The last time I saw Millie he was heading for the Left Bank. We had met for a cognac and an argument – the usual affair although so less frequent these days. We said our goodbyes across the road from the cafe and then I watched him walk quickly away, his jittery gait marking him out in the crowd. I never thought the back of his shabby, long brown coat would be the last I would see of my dear friend.
We had met through the Front. We were young and idealistic, committed comrades, commanders of our own destinies despite the tumultuous world around us. We crammed into bars and kitchens for raucous meetings and marched through the streets. We talked late into the night about socialism, art and love.
Then one afternoon I arrived at our usual meeting place and the waiter handed me a note. Millie had gone to Spain with a woman he had met the night before. He said that as artists, we needed human suffering because it was the most satisfying subject. But as Frenchmen, it was our duty to fight for justice. I got drunk and went home to sleep alone.
It was a year before I saw Millie again. He had nearly been blown up in Madrid and had a baby with the woman but she died during the labour. He didn’t say what happened to the baby. He was older and thinner, with a limp and a large scar under his left eye. His shabby chic had given way to just shabby and his love of life and politics had transformed into an angry alcoholism. He did not paint anymore on account of a tremor.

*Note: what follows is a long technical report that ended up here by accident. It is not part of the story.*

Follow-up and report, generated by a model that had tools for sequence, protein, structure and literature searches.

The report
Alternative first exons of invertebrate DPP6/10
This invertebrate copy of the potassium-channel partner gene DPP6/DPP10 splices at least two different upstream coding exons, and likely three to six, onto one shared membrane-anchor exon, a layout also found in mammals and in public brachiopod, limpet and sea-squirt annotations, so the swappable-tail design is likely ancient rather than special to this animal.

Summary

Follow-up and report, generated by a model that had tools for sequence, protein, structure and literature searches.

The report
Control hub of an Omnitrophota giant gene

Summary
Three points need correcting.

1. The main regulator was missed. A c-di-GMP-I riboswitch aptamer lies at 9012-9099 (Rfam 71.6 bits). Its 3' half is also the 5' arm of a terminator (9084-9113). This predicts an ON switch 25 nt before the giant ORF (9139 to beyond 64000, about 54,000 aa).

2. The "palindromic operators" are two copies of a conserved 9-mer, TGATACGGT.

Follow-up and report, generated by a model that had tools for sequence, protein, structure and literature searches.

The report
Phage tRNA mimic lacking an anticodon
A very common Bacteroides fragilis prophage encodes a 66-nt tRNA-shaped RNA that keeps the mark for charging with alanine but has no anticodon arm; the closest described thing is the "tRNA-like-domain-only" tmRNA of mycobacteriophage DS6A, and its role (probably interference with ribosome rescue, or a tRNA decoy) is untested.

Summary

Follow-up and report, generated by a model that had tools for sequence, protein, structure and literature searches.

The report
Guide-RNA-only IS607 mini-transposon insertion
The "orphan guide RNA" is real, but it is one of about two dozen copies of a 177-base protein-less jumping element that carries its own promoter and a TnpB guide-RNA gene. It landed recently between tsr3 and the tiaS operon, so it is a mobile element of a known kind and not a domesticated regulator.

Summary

I had always followed Millie, picking up the threads of his arguments, trying to imitate his edgy charcoal sketches, making way for his many lovers. I did not recognise the man who returned from Spain and spent the last few months of our time together desperately trying to find him again.
We still sat at our old table, drank our favourite cognac and discussed the eternal unrest across Europe. But Millie was lost in a darkness that clouded his eyes and our conversations were marked by longer and longer periods of silence.
On our last afternoon together, we left the cafe and crossed the street as usual but Millie would not let me walk further with him saying he needed to be alone. I embraced my friend and then stood back, looking into his vacant eyes and placing my hands on his shoulders, as much to steady him as to reinforce my affection. Millie smiled and for a moment seemed to return to his old self, chastising me for my misplaced concern.
“Life is absurd, my friend. We have it but we cannot control it. Once you learn that, you will be free.”
Then he turned and walked away and eventually, reluctantly, so did I.